In the spring of 2005, I read Teaching for Deep Understanding: Towards the Ontario Curriculum thatWe Need1. By the time I had ﬁnished the book, I was inspired to write and facilitate a professional book study for the Junior staff at Armitage Village Public School in Newmarket, where I am the divisional lead teacher and literacy special education resource teacher. My major goal was to develop a strong foundation for professional collegiality, and I thought this was the book to do it.
Teaching for Deep Understanding is the result of a collaboration between faculty at OISE/UT and provincial ETFO staff members. This professional research partnership excited me for a variety of reasons. I have been a part-time Primary/Junior instructor at OISE/UT for 16 years and an active Presenter on the Road and course writer for ETFO for 12 years. I love it when the two worlds of practical strategies and theoretical research unite. I was keenly interested in the recommendations about delivering the Ontario curriculum to students in more meaningful and more passionate ways.
To be honest, my excitement was challenged somewhat as I dove into the ﬁrst of the book’s ﬁve parts. It became obvious that this was not a poolside book that I could put down casually as I went to get Popsicles for the kids. But I was encouraged to read and reread because each writer was validating theories and philosophies that I have believed in for a long time. They were reminding us all that our task as professionals is not to “plough through the skill expectations of the curriculum,” but rather to take creative and thoughtful time to help our students make meaningful connections between their daily classroom learning and their life experiences.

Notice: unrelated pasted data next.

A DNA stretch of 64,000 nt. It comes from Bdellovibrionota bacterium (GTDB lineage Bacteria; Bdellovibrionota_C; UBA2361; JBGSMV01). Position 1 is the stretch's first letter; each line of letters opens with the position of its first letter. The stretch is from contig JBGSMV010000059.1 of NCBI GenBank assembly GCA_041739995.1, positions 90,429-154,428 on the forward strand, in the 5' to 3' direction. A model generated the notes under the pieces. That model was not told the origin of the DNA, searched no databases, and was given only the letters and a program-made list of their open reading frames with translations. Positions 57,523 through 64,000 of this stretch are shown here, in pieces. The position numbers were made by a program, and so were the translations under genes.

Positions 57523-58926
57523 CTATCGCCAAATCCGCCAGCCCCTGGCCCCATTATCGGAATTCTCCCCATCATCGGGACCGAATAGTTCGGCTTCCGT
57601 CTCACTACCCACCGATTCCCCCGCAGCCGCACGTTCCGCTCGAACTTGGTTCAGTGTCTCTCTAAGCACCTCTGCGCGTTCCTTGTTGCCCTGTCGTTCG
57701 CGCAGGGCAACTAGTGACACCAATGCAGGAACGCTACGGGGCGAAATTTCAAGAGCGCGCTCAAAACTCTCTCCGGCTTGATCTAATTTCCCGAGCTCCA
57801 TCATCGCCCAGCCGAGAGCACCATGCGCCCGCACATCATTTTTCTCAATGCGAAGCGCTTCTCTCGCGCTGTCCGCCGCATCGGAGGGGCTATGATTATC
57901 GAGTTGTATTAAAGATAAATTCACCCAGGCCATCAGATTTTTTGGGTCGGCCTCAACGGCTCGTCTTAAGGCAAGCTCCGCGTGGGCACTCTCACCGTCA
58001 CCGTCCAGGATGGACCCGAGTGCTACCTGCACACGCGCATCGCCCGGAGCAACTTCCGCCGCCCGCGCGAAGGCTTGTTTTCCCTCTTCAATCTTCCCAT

My principal, Nancy Lester, supported and encouraged the idea of this book study, which would be the ﬁrst for the Junior staff at our school. I also had the support of staff at ETFO provincial ofﬁce. I ordered 14 copies of the book for September and my principal wrote the cheque.